This is from LearnDash and I thought it was worth re-posting in case you haven’t seen it.
What’s the similarity, you ask?
Painting your house is no fun. Not for me, anyway.
It took me lots of trial and error to realize that if I would take the time up front to prepare for creating something new (like a freshly painted room), that I could avoid a lot of pain and anguish after the fact.
So, how do you prepare to paint? You move furniture, put covering down on the floor, tape off baseboards and window sills, repair small holes in the wall, and sand down rough spots. You make sure you have the right brushes, ladders, trays, solvents, paint, rags, masks, and clothing.
And what’s the pain and anguish I avoid? Spilled paint on carpet or hardwood floors that may never come clean. Uneven and splotchy paint on the walls and look unpleasant and unprofessional. Walls that no one wants to look at. A big mess that I don’t want to clean up. Possibly a room that will need to be painted again.
I’m hoping that you are already seeing the similarity to e-learning.
If you prepare properly for the creation of your e-learning module then you greatly increase your chances of having a job that will not only look pleasing and professional, but one where learners will actually learn something.
Next time I will talk about the steps you can take to prepare for a successful e-learning “paint job”. In the meantime, be thinking about it yourself and see if you agree with me or have some additional steps to add (I am sure some of you could add steps to my house painting preparedness list!).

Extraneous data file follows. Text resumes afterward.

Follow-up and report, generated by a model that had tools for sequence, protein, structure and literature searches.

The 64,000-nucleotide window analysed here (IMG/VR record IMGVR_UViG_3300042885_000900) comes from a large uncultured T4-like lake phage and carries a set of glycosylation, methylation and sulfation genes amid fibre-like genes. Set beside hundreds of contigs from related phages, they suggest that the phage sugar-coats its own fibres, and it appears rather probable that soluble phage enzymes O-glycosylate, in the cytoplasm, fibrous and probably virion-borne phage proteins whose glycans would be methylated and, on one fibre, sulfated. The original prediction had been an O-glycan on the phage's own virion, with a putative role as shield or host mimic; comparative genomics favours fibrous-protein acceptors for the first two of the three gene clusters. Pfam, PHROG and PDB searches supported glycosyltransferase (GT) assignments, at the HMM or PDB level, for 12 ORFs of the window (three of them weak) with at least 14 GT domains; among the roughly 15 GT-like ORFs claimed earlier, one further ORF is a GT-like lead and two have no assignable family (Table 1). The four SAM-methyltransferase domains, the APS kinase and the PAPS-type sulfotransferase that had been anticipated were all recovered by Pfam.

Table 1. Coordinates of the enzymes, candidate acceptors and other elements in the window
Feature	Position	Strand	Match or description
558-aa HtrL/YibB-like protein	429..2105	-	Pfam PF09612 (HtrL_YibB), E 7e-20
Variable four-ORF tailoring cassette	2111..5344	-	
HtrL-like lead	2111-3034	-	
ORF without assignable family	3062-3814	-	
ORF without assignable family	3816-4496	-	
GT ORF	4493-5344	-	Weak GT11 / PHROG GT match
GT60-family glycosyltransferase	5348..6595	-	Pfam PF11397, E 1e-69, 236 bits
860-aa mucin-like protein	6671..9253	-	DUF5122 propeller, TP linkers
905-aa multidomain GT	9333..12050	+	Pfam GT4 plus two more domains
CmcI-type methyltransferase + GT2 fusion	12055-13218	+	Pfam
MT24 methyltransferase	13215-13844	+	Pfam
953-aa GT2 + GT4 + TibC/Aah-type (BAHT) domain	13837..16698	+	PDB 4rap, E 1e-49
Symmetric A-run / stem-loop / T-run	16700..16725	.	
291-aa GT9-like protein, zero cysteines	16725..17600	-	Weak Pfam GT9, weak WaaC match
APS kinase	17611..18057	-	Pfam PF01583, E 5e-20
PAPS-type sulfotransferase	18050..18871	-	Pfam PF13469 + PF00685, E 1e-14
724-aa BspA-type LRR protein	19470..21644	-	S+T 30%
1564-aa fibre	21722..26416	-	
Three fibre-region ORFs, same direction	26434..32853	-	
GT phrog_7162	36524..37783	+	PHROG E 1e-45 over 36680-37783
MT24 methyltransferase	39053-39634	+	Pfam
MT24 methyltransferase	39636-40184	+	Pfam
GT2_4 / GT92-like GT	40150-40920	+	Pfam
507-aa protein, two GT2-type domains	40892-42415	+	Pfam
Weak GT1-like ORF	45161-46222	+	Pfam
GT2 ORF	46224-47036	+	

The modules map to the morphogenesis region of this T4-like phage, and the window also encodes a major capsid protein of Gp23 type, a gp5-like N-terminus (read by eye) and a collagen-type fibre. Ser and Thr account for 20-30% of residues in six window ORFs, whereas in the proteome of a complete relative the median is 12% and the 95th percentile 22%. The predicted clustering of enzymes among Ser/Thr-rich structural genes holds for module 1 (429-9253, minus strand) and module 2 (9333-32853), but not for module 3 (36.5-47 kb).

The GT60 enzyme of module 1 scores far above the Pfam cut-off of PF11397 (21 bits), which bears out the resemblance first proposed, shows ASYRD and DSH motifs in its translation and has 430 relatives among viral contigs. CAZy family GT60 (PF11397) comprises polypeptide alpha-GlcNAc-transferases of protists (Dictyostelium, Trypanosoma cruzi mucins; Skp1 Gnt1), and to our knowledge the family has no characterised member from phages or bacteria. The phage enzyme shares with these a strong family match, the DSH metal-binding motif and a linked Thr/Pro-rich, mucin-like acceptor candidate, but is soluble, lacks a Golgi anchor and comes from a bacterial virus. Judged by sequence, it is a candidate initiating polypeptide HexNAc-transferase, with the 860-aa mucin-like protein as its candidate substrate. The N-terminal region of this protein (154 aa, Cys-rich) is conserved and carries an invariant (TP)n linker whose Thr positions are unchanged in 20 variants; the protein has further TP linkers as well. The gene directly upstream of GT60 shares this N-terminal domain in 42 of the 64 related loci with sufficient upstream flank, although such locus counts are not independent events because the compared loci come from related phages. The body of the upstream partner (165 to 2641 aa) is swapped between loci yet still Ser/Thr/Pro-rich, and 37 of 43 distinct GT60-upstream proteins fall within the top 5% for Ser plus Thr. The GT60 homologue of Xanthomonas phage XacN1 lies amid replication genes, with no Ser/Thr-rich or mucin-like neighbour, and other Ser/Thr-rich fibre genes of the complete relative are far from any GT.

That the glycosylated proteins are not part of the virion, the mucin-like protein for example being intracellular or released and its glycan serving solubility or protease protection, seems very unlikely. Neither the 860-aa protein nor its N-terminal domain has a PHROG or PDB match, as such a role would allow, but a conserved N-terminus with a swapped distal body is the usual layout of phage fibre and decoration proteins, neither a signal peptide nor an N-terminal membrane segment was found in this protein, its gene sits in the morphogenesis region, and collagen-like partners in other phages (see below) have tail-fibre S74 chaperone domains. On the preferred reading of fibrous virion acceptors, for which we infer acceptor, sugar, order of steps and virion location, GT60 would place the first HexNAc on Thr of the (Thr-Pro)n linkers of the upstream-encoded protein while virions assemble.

Until next time…
There is a lot of e-learning out there these days. Companies are developing more and more of it. Statistics show growth here, there, and everywhere.
A lot of the growth can be attributed to the fact that there are so many good rapid development tools that allow practically anyone to be able to create it.
But I have to ask, “How much actual learning is taking place?”
Increasingly, I find myself viewing a purported e-learning module only to come away thinking that all I really did was just watch and listen to someone show me and tell me something. I didn’t really learn anything.
And I’m not talking about regurgitating a fact or figure I was informed about a few slides back. That’s not learning. That’s short-term memory recall. And it’s something I’m not going to have the foggiest clue about in 6 months, or probably even 6 days (because I didn’t really learn it)
So, is it semantics? Perhaps. But it doesn’t do our industry any favors by calling passive videos that are mostly information sharing and/or marketing tools e-learning.
When I see “e-learning”, I am actually hoping I will learn something. And I am more than disappointed when it turns out I was just watching something where the intent was not learning a new skill or process or something else I really wanted to learn how to do or know. I actually get a little angry. And sad.
Because every time someone puts out a module that is really information sharing or marketing and touts it as e-learning, I hear another voice somewhere saying “e-learning sucks and is a waste of my time.” <shudder>
Which just makes it that much harder for real e-learning to break through and do it’s job.
And it really can do a very fine job.
Until next time…
People have been telling me “you should have a blog!” So now I do!
I am officially a “training manager” at my job and I love what I do. A big part of what I do involves e-learning and I have designed it that way because I think e-learning is wonderful.
Well, it can be wonderful. When done correctly. This blog will be about what it takes to do it “correctly.”
I hate boring e-learning. I think you do, too. Whether you are a recipient of e-learning or a creator of e-learning, I think you hate boring e-learning.
So, join me on my quest as a crusader against boring e-learning.
Until next time…